With the encouragement of John Clarke and his son Charles Cowden Clarke, Keats developed a passion for reading during his final years at Enfield, especially an interest in books of Greek mythology. After leaving the school in 1811 to become an apprentice apothecary-surgeon with Thomas Hammond of nearby Edmonton, Keats continued his reading, visiting the schoolmaster’s son several times a month to discuss books and authors. On one memorable occasion, the young Clarke introduced Keats to Edmund Spenser’s The Faerie Queen (1590, 1596). The eventual result of Keats’s enthusiasm for the Elizabethan poet was his first poem, “Imitation of Spenser,” written in 1814, when he was approaching his nineteenth birthday; that age was comparatively advanced for a poet who was to become one of the most important in the English (or any) language, especially when one considers how little time Keats had left to live. Although the conclusion of his apprenticeship with Hammond was still ahead, plus several months of study at Guy’s Hospital in London, Keats’s growing fascination with poetry would assure that he would never make significant use of the apothecary’s license granted him in 1816.
Keats successfully completed his apothecary’s examination on July 25, 1816, after which he vacationed in Margate with his ailing brother Tom. Following his return to London in September, he sought out Clarke, who had recently moved to London from Enfield, and the two read George Chapman’s translation of Homer together. By the next morning, Keats had written the sonnet “On First Looking into Chapman’s Homer,” the first of his poems which bears the undeniable stamp of genius. Shortly thereafter, Clarke introduced Keats to Leigh Hunt, a fellow poet and the influential editor of the ultraliberal Examiner, where Keats’s poem “To Solitude” had been published during the previous May. The two became immediate friends, and while visiting Hunt again later in the year, Keats wrote a large part of “Sleep and Poetry,” a work which explicitly announces his dedication to the poetic life.
Through Hunt, whose stylistic influence is evident in much of Keats’s early work, not always happily, Keats became acquainted with the poets, artists, and intellectuals of London. At various times, Hunt’s circle included such figures as the literary parodist Horace Smith, the political philosopher William Godwin, the painter Benjamin Robert Haydon, the critic William Hazlitt, the essayist Charles Lamb, and the poets John Hamilton Reynolds and Shelley. Haydon, with whom he discussed the grandeur of William Shakespeare and the beauty of the Elgin marbles; Hazlitt, many of whose ideas on the poetic imagination he borrowed; and Reynolds, to whom he addressed several of his profoundest letters, were to be especially important to his future.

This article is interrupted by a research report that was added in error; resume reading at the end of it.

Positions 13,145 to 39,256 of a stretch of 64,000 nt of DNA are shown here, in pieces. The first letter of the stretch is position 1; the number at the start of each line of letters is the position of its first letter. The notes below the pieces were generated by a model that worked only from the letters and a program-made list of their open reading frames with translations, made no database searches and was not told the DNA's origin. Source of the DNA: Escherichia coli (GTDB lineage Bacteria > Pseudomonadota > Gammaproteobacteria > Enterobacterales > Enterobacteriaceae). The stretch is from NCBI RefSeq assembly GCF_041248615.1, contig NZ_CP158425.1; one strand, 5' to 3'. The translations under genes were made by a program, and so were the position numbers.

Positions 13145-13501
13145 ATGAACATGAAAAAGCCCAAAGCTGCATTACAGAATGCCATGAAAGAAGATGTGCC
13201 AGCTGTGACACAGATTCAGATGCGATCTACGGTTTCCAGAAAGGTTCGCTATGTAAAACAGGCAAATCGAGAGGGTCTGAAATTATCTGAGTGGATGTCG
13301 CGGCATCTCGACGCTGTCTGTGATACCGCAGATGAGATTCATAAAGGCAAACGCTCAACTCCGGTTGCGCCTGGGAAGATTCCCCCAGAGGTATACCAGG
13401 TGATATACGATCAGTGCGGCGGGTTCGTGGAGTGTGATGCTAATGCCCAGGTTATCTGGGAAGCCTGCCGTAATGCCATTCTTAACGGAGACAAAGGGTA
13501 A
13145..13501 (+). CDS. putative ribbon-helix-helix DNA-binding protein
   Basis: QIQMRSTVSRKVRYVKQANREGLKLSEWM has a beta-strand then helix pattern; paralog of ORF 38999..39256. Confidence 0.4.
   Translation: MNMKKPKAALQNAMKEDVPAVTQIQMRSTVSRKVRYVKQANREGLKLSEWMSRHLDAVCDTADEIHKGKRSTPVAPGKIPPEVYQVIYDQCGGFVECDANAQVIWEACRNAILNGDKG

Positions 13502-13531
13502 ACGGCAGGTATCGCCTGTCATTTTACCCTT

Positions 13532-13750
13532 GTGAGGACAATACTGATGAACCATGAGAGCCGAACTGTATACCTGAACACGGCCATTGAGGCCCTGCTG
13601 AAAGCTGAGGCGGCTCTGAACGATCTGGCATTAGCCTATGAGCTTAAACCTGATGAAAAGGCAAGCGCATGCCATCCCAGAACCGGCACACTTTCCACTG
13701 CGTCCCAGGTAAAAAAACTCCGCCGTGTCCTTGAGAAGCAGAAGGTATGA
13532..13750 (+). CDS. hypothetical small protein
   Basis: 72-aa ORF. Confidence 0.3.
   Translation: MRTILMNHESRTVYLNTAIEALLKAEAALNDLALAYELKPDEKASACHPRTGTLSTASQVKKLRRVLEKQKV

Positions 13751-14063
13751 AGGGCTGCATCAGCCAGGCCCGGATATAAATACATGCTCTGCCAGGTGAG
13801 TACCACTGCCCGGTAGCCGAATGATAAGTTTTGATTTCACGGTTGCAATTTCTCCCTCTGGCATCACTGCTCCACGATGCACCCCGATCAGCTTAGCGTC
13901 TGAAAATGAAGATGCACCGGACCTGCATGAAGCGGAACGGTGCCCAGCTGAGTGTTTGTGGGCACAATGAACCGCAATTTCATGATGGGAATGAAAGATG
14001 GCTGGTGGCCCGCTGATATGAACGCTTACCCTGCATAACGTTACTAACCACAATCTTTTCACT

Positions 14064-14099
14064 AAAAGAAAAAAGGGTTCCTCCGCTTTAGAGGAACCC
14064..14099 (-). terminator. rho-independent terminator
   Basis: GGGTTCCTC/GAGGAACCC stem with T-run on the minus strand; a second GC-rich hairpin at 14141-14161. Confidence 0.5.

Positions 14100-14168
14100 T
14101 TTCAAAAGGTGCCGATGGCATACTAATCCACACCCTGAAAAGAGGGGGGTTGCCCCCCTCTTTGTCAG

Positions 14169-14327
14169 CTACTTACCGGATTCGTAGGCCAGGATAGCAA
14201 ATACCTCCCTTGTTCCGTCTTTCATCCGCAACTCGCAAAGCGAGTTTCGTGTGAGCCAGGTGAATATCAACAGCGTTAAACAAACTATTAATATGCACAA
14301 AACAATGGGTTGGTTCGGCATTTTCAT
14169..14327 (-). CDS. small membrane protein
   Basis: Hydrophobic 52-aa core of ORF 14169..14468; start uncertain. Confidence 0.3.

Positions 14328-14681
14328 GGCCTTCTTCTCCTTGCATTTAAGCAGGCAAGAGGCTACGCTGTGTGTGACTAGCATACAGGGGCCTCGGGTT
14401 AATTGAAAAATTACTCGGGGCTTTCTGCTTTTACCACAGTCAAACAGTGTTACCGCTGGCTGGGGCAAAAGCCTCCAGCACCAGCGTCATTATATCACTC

Hunt recommended Keats to his many friends as a gifted young writer and published an article in praise of Reynolds, Shelley, and Keats in the December 1, 1816, Examiner. The lure of poetry was...
(The entire section is 2661 words.)
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Biography (Critical Survey of Poetry: British, Irish, & Commonwealth Poets)
Though the events of John Keats’s life are meager, his biography has fascinated many. Keats did not have a single physical, social, familial, or educational advantage in life, nothing to prepare for or enhance the development of his genius. Internally, however, he was afire with ambition and the love of beauty. Even at that, he did not discover his poetic vocation until late, given the fact that he died at the age of twenty-five and spent the last eighteen months of his life in a tubercular decline. His career lasted from 1816, when Keats renounced the practice of medicine, to the fall of 1819, when he stopped working on his last great, though incomplete, poem, The Fall of Hyperion. One almost has to count the months, they are so few and precious. In fact, in a single month, May, 1819, he wrote four of his great odes—“Ode to a Nightingale,” “Ode on a Grecian Urn,” “Ode on Melancholy,” and ironically, “Ode on Indolence.”